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Ever since 1942, when Carl Hempel declared that historical events are explained by subsuming them under laws governing the occurrence of similar events, philosophers have debated the validity of explanations based on covering laws. In The Logic of Historical Explanation, Clayton Roberts provides a key to understanding the role of covering laws in historical explanation. He does so by distinguishing between their use at the macro- and micro- levels, a distinction that no other scholar has made.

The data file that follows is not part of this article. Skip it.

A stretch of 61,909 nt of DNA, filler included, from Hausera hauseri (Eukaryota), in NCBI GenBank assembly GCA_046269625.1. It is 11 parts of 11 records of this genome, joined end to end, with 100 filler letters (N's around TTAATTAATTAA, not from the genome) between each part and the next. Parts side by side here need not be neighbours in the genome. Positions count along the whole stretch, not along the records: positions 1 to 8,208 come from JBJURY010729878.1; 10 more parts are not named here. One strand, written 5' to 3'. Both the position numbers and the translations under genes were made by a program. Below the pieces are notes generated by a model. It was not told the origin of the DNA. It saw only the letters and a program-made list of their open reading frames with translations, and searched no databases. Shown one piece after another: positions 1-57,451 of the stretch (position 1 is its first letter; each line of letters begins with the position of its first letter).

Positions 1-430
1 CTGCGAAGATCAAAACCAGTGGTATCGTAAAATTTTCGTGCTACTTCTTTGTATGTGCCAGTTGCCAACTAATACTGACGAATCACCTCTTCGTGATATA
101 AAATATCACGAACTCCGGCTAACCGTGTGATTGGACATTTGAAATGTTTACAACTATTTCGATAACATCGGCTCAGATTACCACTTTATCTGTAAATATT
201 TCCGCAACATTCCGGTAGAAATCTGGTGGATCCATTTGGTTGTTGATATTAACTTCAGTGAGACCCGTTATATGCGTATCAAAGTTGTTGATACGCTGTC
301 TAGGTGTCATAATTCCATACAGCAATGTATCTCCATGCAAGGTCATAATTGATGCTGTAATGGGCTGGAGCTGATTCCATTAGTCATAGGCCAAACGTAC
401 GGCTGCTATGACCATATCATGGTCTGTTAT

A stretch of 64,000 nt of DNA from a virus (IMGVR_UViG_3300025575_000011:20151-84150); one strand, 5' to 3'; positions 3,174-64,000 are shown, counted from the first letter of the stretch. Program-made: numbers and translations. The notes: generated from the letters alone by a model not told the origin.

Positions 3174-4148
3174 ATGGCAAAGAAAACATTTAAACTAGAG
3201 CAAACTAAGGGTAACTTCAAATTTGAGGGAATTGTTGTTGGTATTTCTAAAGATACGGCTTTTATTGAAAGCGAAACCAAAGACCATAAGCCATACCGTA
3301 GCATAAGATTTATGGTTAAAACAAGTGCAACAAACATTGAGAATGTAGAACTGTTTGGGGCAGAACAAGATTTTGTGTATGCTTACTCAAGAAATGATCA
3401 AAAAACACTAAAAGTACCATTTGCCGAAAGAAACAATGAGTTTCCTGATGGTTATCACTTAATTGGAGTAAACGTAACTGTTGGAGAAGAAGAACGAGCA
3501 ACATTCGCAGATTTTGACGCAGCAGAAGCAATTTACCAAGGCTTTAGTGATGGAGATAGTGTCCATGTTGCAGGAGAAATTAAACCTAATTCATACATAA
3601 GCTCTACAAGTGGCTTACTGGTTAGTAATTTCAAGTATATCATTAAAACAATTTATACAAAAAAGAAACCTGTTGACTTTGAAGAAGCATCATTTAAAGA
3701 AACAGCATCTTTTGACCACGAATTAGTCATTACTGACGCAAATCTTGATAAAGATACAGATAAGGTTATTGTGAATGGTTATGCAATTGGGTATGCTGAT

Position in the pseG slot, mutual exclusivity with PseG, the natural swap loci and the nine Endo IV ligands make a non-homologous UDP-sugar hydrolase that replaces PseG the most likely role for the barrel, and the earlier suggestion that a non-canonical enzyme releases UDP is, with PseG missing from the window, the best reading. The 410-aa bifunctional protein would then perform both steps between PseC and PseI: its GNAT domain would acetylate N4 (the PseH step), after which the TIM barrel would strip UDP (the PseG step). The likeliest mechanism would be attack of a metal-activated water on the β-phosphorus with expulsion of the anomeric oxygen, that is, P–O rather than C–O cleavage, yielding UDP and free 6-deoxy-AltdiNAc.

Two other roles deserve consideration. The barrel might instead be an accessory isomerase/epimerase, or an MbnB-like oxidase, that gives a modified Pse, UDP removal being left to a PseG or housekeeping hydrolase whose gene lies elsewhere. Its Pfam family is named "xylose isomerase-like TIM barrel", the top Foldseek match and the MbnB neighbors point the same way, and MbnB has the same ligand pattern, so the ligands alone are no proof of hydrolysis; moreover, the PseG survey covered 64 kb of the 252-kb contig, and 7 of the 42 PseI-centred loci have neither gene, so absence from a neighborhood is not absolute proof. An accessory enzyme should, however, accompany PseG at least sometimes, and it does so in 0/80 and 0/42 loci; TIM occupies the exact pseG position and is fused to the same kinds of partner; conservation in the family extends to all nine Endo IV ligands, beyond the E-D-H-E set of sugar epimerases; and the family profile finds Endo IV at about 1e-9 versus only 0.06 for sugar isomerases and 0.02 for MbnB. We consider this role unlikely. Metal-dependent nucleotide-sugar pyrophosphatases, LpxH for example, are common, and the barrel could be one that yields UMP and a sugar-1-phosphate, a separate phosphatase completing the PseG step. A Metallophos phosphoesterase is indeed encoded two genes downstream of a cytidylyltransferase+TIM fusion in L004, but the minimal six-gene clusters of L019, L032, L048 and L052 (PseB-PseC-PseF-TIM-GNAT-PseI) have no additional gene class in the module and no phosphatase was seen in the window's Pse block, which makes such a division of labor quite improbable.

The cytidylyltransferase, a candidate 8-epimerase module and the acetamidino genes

Roberts contends that the positivists were right to believe that covering laws are indispensable in historical explanations but wrong to think that these laws apply to macro-events (such as wars and revolutions). Similarly, the humanists were right to declare that historians do not explain the occurrence of macro-events by subsuming them under covering laws but wrong to deny the role of covering laws in tracing the course of events leading to the macro-event. Roberts resolves this debate by showing that, though useless in explaining macro-events, covering laws are indispensable in connecting the steps in an explanatory narrative. He then sets forth the logic of an explanatory narrative, explores the nature of rational explanation, and distinguishes the logic of historical interpretation from the logic of historical explanation.